What You Need To Know About HIV Treatment – Style Up

What you neeD to knoW abOut HIV trEatmEnt

In HIV has no cure, but there is effective treatment also known as Antiretroviral medicines (ARVs). What this means is that persons living with HIV need to take ARVs for the rest of their lives. This will control the virus in their bodies, strengthen their immune system and help them live longer.

Let me explain how this works- ARVs are a combination of 3 different kinds of medicines that stop the virus from increasing in your body.

ART = three different meds because the virus is sneaky and will try many different ways to beat your system. This Three (3) different medicines are combined into one or two tablets a day that should be swallowed, are like security system for your house that includes locks on the doors, an alarm and a security guard. Even if the virus gets past one, the other two will stop it. This is why people that take their medication properly stay healthy – remember Magic Johnson?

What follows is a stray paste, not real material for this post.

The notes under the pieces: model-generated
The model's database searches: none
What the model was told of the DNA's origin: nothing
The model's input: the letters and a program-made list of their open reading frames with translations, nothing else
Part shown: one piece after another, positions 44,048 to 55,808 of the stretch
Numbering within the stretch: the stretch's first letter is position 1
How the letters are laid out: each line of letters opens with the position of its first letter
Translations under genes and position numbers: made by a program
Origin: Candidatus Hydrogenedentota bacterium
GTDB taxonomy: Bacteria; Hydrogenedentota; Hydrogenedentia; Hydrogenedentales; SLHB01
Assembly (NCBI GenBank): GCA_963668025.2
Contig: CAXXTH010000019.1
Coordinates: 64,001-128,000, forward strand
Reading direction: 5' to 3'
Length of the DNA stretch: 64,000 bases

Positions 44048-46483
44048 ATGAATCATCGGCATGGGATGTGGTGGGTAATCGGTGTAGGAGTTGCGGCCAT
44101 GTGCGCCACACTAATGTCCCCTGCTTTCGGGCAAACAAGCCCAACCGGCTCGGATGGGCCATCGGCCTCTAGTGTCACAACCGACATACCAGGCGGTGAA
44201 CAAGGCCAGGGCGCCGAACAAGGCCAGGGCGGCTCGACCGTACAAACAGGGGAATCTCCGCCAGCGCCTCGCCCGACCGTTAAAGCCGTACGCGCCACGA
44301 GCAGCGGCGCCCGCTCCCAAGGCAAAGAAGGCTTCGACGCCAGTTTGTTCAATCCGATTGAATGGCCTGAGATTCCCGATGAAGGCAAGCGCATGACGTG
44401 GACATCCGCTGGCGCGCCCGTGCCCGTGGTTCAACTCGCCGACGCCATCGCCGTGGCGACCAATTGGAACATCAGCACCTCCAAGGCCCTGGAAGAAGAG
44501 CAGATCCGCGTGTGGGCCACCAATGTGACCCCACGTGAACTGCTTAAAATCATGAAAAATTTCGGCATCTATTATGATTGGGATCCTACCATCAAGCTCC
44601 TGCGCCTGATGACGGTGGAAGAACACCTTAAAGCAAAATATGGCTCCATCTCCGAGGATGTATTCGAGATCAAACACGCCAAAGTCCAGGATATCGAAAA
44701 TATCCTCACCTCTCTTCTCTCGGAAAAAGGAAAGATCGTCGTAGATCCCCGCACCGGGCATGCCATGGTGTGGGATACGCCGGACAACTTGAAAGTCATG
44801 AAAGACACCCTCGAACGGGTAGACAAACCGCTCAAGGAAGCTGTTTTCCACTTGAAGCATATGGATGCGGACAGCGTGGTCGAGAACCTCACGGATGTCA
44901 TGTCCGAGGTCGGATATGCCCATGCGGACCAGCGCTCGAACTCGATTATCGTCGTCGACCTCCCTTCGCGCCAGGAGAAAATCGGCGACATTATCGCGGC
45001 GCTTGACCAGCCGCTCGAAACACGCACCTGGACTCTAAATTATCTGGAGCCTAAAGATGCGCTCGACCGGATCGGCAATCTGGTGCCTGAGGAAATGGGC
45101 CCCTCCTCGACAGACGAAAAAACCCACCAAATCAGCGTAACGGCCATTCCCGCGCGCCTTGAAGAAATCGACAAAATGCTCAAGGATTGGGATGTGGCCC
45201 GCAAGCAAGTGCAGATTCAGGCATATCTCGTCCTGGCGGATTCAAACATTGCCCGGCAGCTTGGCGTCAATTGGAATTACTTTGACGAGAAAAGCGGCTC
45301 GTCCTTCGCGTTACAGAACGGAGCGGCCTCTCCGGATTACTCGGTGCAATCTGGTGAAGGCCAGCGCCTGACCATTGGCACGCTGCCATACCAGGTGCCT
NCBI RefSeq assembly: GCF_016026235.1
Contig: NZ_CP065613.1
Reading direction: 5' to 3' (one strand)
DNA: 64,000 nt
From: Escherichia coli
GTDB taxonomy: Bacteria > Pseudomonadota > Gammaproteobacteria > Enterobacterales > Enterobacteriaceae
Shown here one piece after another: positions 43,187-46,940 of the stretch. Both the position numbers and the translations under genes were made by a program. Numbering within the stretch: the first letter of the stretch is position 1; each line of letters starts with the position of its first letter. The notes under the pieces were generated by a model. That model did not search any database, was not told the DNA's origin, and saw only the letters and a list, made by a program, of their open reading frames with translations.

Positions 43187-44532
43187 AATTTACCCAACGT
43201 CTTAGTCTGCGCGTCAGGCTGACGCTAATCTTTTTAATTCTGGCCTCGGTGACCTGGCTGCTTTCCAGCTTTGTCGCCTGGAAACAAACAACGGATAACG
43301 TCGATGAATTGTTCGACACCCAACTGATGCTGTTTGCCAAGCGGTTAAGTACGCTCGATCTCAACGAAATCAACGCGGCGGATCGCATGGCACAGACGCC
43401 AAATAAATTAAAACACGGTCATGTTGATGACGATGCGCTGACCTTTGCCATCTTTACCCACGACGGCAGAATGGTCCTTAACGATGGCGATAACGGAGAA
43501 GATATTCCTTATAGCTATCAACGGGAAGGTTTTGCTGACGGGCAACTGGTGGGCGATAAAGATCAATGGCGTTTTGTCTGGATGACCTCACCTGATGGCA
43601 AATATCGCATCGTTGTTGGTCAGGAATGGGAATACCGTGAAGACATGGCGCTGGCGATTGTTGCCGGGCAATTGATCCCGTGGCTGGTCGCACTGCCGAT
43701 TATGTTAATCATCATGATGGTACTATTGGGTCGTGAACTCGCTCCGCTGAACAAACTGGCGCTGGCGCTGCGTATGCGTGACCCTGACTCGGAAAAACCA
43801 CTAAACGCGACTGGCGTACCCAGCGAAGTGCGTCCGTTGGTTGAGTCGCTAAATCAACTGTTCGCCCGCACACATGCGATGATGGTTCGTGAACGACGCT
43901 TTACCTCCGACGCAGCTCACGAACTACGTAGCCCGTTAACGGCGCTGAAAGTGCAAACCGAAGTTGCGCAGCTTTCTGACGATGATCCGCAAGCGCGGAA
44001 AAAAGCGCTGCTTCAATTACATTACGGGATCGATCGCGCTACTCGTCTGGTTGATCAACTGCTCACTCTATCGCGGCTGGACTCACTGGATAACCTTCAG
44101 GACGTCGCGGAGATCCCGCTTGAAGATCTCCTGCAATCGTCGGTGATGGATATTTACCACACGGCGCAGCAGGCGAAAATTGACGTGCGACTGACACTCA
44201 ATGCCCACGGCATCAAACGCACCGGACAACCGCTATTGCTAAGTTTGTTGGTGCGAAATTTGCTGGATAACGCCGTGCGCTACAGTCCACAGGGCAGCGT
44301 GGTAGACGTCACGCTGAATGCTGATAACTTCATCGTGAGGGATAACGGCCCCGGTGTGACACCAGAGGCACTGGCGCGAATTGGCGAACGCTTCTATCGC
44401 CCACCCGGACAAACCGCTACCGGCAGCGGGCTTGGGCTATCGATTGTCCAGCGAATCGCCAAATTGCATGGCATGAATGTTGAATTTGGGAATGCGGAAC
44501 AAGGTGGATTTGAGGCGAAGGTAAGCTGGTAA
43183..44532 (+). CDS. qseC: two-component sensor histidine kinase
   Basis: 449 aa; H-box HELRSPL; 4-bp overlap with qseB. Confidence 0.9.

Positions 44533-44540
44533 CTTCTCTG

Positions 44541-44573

With ARVs, millions of people who are HIV positive around the world, including young people are leading healthy and normal lives. They contribute tremendously to their society’s development and record great success personally or professionally. Many of them have lived for more than 30 years with the HIV virus.

HIV medicines can only work effectively, if you do the following:

  • Begin treatment once you test positive for HIV, as advised by the healthcare provider.
    • Adherence Take your ARVs in the correct quantity, at the correct time, every day as directed by your healthcare provider. Do not skip or throw away your medicines – because the more you do so, the harder it becomes for the ARVs to control the virus in your body and keep you healthy.
    • > If you start to notice strange reactions (side effects), like rashes, vomiting, running stomach, poor sleep patterns, etc. because of the medicines, speak to your healthcare provider immediately.